Tag each note in at least three ways. Source
tags describe where the hardcopy may be found: for example, "blue folder 12A". Content
tags describe the content or nature of the document: for example, "financial statements". Argument
tags associate the document with the high-level arguments and goals that it supports: for example, "restitution".
You can also tag for authorship
: for example, "by Smith".
Now that you've tagged all the documents, you can easily search in a structured manner: "I want to see all the documents that were written by Smith which support my claim for restitution." This becomes useful when, say, you're preparing for Smith's cross-examination.
I use "unimportant" as my catch-all tag, and "rescan" for anything that didn't come through well the first time. To find all documents that have not yet been tagged, use the search filter
Retitle your notes with YYYY-MM-DD and some text appropriate to the contents of the note. That datestamp and title will later go into your timeline. When you sort by title, you effectively get a sort by timeline.
The goal in all this is to minimize the number of times you visit a given document. Lawyers have armies of associates tasked to do the following:
foreach issue in (list of issues):
foreach document in (all documents):
if (document is relevant to issue)
then add a coloured post-it flag.
As any computer scientist will tell you, this is wasteful, because you've got an O(MN) operation with a slow inner loop. If there are ten issues, you loop through all the documents ten times.
The faster approach, obviously, is:
foreach document in (all documents):
foreach issue in (list of issues):
if (document is relevant to issue)
then tag it with the issue name
Now for the gang aft agley: new issues will arise, and you will have to revisit documents to add tags. But all the other tags you've previously added should reduce the number of documents you have to revisit: you can filter by content tag, or by date, or just do a full text search against the raw document text, and associate issues with documents that come up in your results.
During the discovery phase, your lawyers will collate these documents into one or more sets of disclosures. For each document, you will make a decision: disclose or not? Instruct your lawyers, as they move through the documents, to tag the disclosure status
of each document. If they disclose it, tell them to tag it with "disclosed 20110818" – that means it was disclosed in a filing on that date. If they decide not to disclose it, tag it with "undisclosed". This is useful because later on, when reviewing documents, the question will inevitably arise: "did we disclose this?" With the tags, you will know.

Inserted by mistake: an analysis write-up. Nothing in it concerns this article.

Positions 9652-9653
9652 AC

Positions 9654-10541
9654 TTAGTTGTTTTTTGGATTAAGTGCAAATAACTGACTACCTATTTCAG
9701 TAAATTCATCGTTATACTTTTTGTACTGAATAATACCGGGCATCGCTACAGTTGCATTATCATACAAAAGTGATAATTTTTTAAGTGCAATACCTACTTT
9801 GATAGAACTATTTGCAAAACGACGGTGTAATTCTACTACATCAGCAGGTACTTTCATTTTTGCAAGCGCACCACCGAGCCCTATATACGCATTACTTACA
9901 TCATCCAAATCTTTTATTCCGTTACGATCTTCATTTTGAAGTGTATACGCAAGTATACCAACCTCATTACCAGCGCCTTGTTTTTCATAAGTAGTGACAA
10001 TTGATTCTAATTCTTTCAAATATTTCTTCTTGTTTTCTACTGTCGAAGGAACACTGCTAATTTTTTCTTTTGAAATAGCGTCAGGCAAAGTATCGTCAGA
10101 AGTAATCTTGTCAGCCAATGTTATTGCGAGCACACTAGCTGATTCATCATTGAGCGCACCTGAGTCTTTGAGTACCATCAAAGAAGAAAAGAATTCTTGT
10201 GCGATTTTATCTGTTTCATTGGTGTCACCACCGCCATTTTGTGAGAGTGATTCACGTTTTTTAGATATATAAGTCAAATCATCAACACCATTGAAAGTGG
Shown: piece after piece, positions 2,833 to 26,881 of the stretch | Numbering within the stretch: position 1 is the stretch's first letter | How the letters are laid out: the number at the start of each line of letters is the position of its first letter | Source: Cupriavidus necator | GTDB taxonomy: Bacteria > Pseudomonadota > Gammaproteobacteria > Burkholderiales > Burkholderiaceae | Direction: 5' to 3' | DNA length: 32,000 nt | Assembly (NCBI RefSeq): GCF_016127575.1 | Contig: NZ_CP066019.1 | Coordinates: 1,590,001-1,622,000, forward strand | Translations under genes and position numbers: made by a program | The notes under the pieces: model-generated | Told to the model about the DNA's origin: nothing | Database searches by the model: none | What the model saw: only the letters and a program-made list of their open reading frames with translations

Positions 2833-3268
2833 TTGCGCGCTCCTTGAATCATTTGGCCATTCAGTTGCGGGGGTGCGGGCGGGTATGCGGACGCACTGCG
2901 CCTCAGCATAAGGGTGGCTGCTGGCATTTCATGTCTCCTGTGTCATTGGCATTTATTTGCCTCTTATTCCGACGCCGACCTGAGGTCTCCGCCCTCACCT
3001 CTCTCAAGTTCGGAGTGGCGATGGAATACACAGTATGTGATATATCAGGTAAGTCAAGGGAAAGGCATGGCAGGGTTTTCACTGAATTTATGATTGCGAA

In a yet later phase, all the disclosures will be collated into one or more Bundles of Documents, which you will refer to at trial. In my court case, we had a First Agreed Bundle (1AB) and a Second Agreed Bundle (2AB) and so on. Each document is Bates-stamped with a unique page number within that bundle. By the time the Bundles appear, you will likely by up to your neck in AEIC drafting and witness prep, so find a volunteer to go through the Index to the Agreed Bundles (which will come, on paper, from your lawyers) and, for each document in that index, match up the appropriate note in Evernote. As a sanity check, that note should carry a disclosure tag. In any case, add a label to the title of the form "BUNDLE-1AB5-2345". That means it's in the First Agreed Bundle, volume 5, page 2345. That makes it easier for you to go back and forth.
Here's what your notes will end up looking like:Title:
2011-08-20 BUNDLE-1AB6-1315 email from meng to Smith: You're in my sun, buddy!Tags:
folder green 6B, disclosure 20110401, email, by meng, smith, sunlight
If I want to find the original, i know to look in the green folder 6B.
If I'm wondering if this has been disclosed, I know, because the tag says it was disclosed as part of the 20110401 filing. In fact, I know that it's on page 1315 of volume 6 of the first agreed bundle.
If I'm looking for all documents that have to do with the sunlight dispute, I can do a search for tag:"sunlight"
. If I know it's an email I'm looking for, and not, say, a balance sheet, I can add to the search tag:"email"
as well, as opposed to tag:"financial statements"
And if we're preparing to cross-examine Smith, I can add to that search, tag:smith
In a lawsuit, one makes arguments supported by principles and by evidence. I'm leaving the principles to the lawyers: my job is to produce facts and the documents which illustrate them.